New Midnight Ritual

I wake from a dream.
It was not my dream.
A flock of snow geese dreamt me.

An owl swooped down
with the message scrolling from its beak
I am the savior of the world.

The owl ate me.
But I did not die.
I felt myself pressed into canvas.

Hieronymus Bosch added colors
with confident brush strokes.
He shaded dimensions on a lost Annunciation painting.

Words scroll from Gabriel’s mouth to Mary’s ear.
The pope and bishops sit at a table in the background,
knives and forks ready to parse the cooked goose.


copyright © 2020 Kenneth P. Gurney

Plus

What a good night.
Stars blurry through a frosted window.
Me with you under the blankets.
I hear you whisper.
How will we remain in love
without hard times binding us?

Habit. I whisper into your hair.
Plus, I love you beyond the end of time.

You squeeze me. Your face shifts
from my chest to my shoulder.
Your kiss presses upon my cheek.


copyright © 2020 Kenneth P. Gurney

Home Fries

In the intersection
outside of the crosswalk
two stray socks,
one gray with red strips,
one white with goldenrod toes,
and a small pair of overalls
printed with Winnie the Pooh
and other characters
from the Hundred Acre Wood
displayed a single set
of tread marks
as traffic grew thicker,
faster and deeper
than my desire
to tidy up the asphalt
as I crossed with the light
on my way for tea,
eggs over medium
and home fries.


copyright © 2020 Kenneth P. Gurney

postscript

On 23 December this poem occurred on my 2.5 mile walk to the cafe that I use as my poetry office. On this walk, usually the same route each time, I regularly find clothes that are left behind on the sidewalk or in the street gutter or the crosswalk. It gives me the impression that getting one’s clothes safely to the laundromat and back home is not an easy chore. I hope it is not a case of a homeless person trying to keep track of everything they own in a shopping cart and losing part of it. That would make the loss of a few items a substantial loss.

When it comes to homelessness, I find I am more angry with Business over Government. During a period of record corporate profits the nation has one of its highest homeless populations. In my mind, because they have the money, those businesses should be hiring extra people so less folks are homeless. All of the major religions tell their followers to aid the poor. I understand there are places in California (LA and SF) where rents are so high that people working full time become homeless when a little adversity hits their lives.

I think many people forget that profit is not a goal or an end. It is a measure. It is an incomplete measure, because it does not take into account the quality of life of all the people who work in the business or interact with the business. Imagine if Google reduced its profit by 100 million dollars to employ an extra 20,000 people at a good wage. Google would still be profitable and a viable business and it would improve the lives of so many people. I believe conscientious investors would be accept the slightly lower dividend for a better country, city, or neighborhood.

I wonder how any of us would like an extra $100 of dividends if it came at the cost of 10,000 people being laid off. As an investor and a conscientious human what would that make me to profit from the pain of others? I do my best to invest responsibly on social and environmental issues.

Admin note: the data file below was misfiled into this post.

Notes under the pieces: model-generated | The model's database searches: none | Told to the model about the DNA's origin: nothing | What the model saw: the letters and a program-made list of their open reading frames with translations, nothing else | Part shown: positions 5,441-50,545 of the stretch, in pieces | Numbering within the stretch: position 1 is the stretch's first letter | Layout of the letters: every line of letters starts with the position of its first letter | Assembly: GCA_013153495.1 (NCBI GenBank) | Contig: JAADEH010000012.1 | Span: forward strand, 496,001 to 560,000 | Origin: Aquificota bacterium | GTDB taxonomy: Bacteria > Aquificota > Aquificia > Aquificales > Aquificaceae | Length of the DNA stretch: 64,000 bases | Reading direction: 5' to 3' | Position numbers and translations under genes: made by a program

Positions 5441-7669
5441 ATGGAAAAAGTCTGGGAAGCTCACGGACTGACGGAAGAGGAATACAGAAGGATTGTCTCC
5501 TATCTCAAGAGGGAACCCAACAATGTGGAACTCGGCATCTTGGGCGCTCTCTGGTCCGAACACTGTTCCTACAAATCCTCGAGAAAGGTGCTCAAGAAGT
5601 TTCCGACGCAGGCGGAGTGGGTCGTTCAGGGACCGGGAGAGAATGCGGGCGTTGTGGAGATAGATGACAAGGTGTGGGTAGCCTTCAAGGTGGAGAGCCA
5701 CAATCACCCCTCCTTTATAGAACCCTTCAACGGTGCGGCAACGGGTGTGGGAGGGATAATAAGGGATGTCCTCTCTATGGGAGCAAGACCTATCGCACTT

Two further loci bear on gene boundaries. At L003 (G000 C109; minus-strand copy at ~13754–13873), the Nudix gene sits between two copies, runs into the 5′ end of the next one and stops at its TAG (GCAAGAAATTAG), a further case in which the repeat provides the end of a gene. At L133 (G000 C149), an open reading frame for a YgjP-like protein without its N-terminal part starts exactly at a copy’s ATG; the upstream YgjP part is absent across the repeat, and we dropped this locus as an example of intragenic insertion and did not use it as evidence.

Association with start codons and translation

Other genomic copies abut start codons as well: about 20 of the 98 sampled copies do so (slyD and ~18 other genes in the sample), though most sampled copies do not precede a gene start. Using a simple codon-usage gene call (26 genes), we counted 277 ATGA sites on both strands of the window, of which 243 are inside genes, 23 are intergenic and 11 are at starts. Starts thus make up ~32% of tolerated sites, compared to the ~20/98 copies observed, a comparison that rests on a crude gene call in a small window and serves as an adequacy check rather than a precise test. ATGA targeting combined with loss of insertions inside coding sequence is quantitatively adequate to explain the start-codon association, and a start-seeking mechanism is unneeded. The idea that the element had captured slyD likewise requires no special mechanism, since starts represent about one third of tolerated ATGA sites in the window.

All this thinking from two socks and a small pair of overalls outside a crosswalk on a busy street’s asphalt. Hmmmm.

Hey. Do the small things that make a difference today. You know: smile, say please and thank you, and et cetera.

Love & Light.

Kenneth

Reading A Book

Paul recommended I read
Moby Dick with my eyes closed.

He said he got the idea
from a Nick DePascal poem.

With eyes shut, I envisioned
a small New England whaling town.

My envisioning was in black and white.
My flip book images were not period accurate.

My imaginings were derivative woodcuts
from the Moby Dick I leafed through in high school.

My white whale
was a white whale.


copyright © 2020 Kenneth P. Gurney

Fallout

At a bar, Lori hears last call.
All night poetry echoed off the walls.
So many stories like her own.
Hell at the hearth stone.


copyright © 2020 Kenneth P. Gurney

postscript

Funny thing happened on the way to completing this poem. It started out as seven quatrains. It seems I used a lot of unnecessary words in the first draft that distilled down to these four lines. Yes, I like that metaphor. Distilled. And what we have left is a good stiff drink. Chartreuse is my choice. Green over gold.

Sometimes I am so in love with my own voice I over-write a poem. I just get carried away in spite of the adage: brevity is the soul of wit. I ponder the possibility that my start in poetry was in slam poetry and the fact points were awarded more generously to longer poems. Three minute poems since that was the frame work of the classic slam poem of the 1990s. So an unintended consequence of creating an artistic reward structure. Even if the point was poetry, not the points.

Love & Light.

Kenneth

Dissemination

There it is.
As plain as skin cancer.

Another Presidential
fiction is born.

Not like Athena
from Zeus’ forehead.

But a thumb pounding
Twitter screed.

Part of the never ending spew
of his black hole self absorption.

The news looks back along the coverage trajectory
and sees pitch black.

How easily the profit motive
drew them past the event horizon.

How oblivion became a luxury
and absence a blessing.

How our scarred feelings
fail to notice a subtle touch for attention.


copyright © 2020 Kenneth P. Gurney